With Prosperitas Financial, Chris connected a wide range of services to offer more than investment advisement.

“Having been an advisor for almost 20 years, what I realized is the reason that most advisors aren’t doing it is because it’s very time-consuming,” he said. “It’s very difficult. Some of them, frankly, just don’t understand all those different areas, so they’re trying to moonlight. And some of them are afraid to dive into these other areas, so they don’t even bring them up.”

Advisors may lack the resources to offer other services and they often specialize.

“At Prosperitas Financial, not only did we want clients to be able to get these services, we wanted to help advisors, to provide them with the tools and resources to offer these services to their clients,” he said. “It’s just physically almost impossible for them the way they’re currently set up.”

When advisors join Prosperitas they have access to experts including:

  • College planners
  • Estate planning attorneys
  • CPAs
  • Insurance agents
  • Business attorneys
  • Business consultants

“Now they can go to the table with all these different specialists in these different areas and make sure their client is truly getting the best advice from all the different areas they need,” Chris said. “And then be the coach, be the person that’s sitting in the middle making sure that everybody’s doing their job and providing that service to their clients.”

 Launching Your New Business Model

When you start to build a new business, you have to think about multiple facets including:

  • The brand
  • The onboarding process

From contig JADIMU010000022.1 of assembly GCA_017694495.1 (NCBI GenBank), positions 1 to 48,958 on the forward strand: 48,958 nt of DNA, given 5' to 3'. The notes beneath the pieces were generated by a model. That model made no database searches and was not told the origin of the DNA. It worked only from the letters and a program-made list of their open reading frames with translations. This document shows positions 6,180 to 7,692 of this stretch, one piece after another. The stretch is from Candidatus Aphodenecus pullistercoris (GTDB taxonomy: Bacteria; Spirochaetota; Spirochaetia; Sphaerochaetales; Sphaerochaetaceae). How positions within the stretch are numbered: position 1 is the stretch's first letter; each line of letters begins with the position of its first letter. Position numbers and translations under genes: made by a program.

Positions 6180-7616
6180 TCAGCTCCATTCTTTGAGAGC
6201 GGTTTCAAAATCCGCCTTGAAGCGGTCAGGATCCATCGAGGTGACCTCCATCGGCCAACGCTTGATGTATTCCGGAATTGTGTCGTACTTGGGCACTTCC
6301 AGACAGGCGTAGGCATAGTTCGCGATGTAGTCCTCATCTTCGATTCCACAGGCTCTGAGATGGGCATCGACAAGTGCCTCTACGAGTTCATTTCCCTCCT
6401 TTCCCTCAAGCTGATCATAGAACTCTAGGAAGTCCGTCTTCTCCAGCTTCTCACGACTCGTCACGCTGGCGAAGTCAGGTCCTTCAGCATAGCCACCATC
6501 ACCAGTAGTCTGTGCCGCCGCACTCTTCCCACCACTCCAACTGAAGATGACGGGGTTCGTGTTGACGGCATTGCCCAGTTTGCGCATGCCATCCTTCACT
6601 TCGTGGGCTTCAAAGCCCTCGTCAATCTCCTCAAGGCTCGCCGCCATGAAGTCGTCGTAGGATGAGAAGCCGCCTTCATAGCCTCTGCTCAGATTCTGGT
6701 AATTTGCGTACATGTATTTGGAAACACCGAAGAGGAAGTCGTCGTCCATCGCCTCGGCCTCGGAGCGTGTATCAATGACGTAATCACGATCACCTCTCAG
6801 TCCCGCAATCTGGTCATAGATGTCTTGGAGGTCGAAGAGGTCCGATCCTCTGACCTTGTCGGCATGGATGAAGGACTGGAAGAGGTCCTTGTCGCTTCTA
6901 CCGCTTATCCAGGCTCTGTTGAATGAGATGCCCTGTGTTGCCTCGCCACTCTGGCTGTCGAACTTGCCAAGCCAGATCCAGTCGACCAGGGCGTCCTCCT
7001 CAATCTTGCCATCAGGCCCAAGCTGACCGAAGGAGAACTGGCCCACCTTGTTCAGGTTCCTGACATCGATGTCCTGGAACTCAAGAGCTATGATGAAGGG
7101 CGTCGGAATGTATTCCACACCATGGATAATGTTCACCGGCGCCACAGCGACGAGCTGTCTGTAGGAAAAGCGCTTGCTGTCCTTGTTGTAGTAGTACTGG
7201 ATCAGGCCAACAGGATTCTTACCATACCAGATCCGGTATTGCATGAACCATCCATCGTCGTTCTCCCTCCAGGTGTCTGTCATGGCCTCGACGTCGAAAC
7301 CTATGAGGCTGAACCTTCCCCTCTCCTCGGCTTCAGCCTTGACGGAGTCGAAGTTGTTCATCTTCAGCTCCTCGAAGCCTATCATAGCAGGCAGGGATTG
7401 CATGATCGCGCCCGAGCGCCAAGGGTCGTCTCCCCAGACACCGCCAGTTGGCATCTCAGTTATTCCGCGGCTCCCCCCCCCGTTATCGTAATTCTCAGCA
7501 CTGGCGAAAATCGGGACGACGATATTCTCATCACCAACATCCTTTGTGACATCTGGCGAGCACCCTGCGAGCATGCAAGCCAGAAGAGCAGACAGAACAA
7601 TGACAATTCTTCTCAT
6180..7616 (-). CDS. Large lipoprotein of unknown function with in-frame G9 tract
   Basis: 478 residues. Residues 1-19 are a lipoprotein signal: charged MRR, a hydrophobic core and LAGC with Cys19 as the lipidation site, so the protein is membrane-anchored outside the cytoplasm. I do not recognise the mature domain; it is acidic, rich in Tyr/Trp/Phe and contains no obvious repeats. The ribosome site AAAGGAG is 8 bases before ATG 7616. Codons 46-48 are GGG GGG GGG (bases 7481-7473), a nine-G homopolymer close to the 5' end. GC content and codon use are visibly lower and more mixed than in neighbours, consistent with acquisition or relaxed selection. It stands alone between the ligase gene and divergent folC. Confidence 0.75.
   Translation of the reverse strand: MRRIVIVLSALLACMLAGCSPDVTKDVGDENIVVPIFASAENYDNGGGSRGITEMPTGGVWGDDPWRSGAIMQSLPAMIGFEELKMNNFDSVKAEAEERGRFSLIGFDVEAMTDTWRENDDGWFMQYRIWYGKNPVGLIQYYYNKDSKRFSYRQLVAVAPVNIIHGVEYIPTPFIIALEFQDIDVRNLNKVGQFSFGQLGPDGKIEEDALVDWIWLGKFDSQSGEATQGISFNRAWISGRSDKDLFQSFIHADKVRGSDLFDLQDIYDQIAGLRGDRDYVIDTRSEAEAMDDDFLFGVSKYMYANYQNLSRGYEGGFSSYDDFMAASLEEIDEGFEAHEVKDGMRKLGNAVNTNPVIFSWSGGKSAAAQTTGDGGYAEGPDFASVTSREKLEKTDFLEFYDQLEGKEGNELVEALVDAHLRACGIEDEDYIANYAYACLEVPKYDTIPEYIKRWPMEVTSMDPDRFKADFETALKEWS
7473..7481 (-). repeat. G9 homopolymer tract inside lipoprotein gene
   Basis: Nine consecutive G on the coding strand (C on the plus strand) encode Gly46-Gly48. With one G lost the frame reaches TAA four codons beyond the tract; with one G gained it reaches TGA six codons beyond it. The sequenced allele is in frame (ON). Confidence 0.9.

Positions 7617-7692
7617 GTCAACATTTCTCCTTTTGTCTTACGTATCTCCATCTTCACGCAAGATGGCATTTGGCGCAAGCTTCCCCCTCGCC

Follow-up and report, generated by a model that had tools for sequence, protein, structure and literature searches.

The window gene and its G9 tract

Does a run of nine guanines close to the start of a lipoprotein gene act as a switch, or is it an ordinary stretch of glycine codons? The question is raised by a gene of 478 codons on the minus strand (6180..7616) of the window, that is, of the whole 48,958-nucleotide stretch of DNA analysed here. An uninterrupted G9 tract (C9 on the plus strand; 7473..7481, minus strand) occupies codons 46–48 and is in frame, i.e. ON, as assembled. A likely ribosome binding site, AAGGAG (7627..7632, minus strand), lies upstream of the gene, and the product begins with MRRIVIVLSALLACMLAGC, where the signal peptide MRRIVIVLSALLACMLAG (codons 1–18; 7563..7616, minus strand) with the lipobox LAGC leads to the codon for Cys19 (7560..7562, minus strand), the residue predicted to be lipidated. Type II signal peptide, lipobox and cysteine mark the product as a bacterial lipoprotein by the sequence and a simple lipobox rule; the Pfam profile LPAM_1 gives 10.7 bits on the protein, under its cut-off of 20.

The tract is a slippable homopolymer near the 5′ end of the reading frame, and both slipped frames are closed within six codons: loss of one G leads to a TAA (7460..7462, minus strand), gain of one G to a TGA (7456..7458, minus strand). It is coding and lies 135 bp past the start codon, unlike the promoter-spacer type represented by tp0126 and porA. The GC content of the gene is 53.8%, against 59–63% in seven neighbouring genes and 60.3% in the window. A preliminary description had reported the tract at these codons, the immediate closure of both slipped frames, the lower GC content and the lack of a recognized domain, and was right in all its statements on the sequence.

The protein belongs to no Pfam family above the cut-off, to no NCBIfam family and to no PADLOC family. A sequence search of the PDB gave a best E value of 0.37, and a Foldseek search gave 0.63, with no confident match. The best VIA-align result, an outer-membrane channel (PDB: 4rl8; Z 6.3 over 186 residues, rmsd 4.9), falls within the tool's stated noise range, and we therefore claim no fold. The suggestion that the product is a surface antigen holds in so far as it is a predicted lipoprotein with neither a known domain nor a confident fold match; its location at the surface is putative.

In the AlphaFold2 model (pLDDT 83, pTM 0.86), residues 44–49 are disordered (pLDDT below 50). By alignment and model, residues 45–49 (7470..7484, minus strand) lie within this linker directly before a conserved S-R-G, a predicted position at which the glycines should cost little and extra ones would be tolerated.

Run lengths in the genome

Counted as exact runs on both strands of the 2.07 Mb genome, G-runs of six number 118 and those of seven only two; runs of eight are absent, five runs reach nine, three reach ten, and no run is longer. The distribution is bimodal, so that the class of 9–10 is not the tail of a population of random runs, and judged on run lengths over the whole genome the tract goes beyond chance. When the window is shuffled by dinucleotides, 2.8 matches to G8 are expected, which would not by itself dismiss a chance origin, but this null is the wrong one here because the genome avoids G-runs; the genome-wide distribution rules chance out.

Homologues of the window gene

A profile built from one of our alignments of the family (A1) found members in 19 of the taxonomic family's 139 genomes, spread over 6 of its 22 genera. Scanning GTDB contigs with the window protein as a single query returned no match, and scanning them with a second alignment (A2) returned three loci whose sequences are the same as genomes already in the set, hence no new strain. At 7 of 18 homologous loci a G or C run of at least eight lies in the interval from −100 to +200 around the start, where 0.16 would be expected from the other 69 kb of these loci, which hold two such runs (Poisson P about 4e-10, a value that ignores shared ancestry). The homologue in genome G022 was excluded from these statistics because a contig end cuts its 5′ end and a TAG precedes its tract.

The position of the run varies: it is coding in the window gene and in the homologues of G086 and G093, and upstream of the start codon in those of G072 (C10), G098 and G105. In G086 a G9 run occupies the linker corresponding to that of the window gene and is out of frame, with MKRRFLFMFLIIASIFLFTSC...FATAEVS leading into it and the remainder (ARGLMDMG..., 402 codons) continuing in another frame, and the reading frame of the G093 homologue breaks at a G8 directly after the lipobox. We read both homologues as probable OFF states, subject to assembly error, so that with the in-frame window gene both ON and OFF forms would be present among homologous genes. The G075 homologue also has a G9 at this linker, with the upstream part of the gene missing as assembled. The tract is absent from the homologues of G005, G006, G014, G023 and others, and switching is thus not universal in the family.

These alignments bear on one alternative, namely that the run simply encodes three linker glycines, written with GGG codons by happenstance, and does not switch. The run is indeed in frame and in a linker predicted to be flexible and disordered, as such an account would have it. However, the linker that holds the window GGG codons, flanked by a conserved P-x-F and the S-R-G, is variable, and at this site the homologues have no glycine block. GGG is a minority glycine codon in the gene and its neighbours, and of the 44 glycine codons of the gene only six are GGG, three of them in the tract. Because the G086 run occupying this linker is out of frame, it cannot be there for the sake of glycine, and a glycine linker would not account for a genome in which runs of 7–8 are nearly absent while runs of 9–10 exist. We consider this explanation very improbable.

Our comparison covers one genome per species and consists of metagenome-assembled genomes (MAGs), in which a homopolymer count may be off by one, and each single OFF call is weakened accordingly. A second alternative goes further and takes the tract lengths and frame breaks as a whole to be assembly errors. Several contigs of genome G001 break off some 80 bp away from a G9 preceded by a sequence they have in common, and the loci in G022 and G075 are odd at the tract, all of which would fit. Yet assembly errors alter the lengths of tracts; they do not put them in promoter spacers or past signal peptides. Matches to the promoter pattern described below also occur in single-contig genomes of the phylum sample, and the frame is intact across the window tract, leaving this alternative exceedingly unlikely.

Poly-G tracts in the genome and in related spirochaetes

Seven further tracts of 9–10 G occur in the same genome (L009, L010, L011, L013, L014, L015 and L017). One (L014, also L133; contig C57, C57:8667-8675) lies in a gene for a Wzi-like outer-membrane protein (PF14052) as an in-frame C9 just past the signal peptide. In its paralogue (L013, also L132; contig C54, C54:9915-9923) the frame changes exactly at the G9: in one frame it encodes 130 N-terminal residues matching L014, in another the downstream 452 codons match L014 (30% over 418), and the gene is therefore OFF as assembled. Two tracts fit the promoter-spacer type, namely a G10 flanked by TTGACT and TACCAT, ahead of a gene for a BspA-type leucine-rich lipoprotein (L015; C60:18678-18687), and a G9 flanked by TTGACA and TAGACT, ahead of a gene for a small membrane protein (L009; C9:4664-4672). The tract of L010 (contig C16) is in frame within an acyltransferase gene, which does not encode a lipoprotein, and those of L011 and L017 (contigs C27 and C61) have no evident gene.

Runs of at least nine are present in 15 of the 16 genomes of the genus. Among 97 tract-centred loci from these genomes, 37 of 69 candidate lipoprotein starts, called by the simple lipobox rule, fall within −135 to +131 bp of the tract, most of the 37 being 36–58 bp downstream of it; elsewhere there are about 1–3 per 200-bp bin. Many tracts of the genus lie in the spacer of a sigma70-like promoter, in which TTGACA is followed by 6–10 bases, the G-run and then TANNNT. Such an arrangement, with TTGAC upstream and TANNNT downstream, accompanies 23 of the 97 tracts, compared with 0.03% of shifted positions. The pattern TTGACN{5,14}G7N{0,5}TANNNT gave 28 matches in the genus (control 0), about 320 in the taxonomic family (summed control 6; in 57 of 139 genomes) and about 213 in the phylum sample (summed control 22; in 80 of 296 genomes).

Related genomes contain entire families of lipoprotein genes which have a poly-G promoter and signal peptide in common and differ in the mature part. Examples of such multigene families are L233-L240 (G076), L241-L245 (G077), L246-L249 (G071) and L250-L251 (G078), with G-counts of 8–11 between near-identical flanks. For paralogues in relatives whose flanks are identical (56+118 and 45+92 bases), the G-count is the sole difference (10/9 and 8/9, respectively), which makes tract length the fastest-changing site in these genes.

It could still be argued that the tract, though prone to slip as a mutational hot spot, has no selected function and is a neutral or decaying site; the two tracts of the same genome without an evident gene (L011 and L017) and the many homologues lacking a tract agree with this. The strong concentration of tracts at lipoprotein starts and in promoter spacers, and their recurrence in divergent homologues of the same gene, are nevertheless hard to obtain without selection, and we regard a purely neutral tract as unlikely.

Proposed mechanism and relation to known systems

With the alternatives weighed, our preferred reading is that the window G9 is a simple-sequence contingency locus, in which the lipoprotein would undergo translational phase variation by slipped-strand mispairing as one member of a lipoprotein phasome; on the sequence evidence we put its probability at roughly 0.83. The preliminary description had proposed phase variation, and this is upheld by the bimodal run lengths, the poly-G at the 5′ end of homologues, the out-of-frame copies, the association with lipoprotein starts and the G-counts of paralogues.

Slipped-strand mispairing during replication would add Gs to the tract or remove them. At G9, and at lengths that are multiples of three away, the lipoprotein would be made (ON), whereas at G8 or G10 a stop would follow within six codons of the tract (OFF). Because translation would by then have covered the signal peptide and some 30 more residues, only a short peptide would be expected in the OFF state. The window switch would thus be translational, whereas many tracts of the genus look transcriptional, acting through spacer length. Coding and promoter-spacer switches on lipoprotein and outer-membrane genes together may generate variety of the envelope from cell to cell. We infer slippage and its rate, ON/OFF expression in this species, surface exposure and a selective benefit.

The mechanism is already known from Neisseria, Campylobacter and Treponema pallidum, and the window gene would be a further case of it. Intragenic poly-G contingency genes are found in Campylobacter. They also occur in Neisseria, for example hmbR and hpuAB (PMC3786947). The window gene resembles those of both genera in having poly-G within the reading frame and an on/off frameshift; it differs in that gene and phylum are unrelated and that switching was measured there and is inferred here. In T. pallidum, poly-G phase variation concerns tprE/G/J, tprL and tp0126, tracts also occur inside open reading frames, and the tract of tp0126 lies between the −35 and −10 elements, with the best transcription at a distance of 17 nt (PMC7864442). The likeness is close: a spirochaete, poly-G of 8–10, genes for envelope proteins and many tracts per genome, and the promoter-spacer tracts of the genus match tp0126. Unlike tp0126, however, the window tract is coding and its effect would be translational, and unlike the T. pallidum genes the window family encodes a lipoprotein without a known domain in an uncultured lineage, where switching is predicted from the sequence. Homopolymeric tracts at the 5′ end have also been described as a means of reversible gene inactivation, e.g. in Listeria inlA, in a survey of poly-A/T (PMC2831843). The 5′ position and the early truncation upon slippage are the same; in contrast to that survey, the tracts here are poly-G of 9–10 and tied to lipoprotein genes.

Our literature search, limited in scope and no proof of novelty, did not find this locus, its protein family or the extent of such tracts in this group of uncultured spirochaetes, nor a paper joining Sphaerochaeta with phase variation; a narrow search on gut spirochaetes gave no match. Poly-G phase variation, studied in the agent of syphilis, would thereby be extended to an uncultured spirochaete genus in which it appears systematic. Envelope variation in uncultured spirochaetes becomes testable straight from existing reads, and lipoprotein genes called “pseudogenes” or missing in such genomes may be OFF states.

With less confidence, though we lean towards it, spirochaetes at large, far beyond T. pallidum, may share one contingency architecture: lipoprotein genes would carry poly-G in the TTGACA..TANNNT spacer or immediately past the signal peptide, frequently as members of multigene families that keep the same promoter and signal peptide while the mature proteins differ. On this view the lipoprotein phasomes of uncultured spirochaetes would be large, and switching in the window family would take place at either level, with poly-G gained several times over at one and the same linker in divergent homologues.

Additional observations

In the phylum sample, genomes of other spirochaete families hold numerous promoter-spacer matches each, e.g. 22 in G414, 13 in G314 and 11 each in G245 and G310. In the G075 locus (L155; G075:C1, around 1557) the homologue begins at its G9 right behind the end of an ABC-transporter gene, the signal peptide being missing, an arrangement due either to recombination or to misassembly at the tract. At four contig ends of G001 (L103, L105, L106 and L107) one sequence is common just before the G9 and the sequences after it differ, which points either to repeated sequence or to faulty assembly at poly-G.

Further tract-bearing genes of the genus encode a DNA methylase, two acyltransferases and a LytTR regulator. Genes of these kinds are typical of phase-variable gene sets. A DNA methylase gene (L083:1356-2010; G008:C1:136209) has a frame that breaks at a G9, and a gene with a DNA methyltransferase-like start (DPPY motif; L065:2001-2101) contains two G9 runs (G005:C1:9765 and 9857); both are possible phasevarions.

• The marketing
  • The location
  • The leasing
  • Furnishing the office

Expanding Responsibilities

“It evolved,” Chris said. “I had to figure out how to create a company that would optimize the service to clients and give an opportunity to advisors.”

When you create or rebuild a business, you begin to wear more hats.

“They often look at me as two people within the firm – I’m still a financial advisor, I still have my book of business, but as the CEO of the firm, my job is to provide these tools and resources to make advisors more productive and work better with their clients,” Chris said.

Branding begins with choosing a name for your new company. Prosperitas is Latin for “prosperity” or “providing good fortune to all.”

“That’s what we’re in the business of doing – providing good fortune, good results,” Chris said. “I’m helping people accomplish their goals, and that was kind of summarized in that.”

The Work-Life Balance

Chris was married with four children when he created Prosperitas Financial. Moving from a comfortable position to taking on a lot of risk begins with a conversation between you and your partner.

“Everybody’s going to be different – the relationship they have and the personalities of the spouses and your responsibility in the household,” Chris said. “My wife is probably the most supportive, ‘whatever you want to do’ kind of person. She never really puts any pressure on me being away. She’s super supportive in all areas of that kind of stuff, so I’m very lucky.”

Finding a fit that includes room for the family can be challenging.

“The hardest thing is the kids,” Chris said. “I’ve coached every team that I could, I want to be at every dance, every game, every everything, so the challenge of trying to juggle it all sometimes weighs on me. If I have to run to a basketball game and then turn around and run back to the office, then run back home, it is what it is. It’s part of the process – having goals of being there for the family, being a good dad and a good husband, and also building a business at the same time.”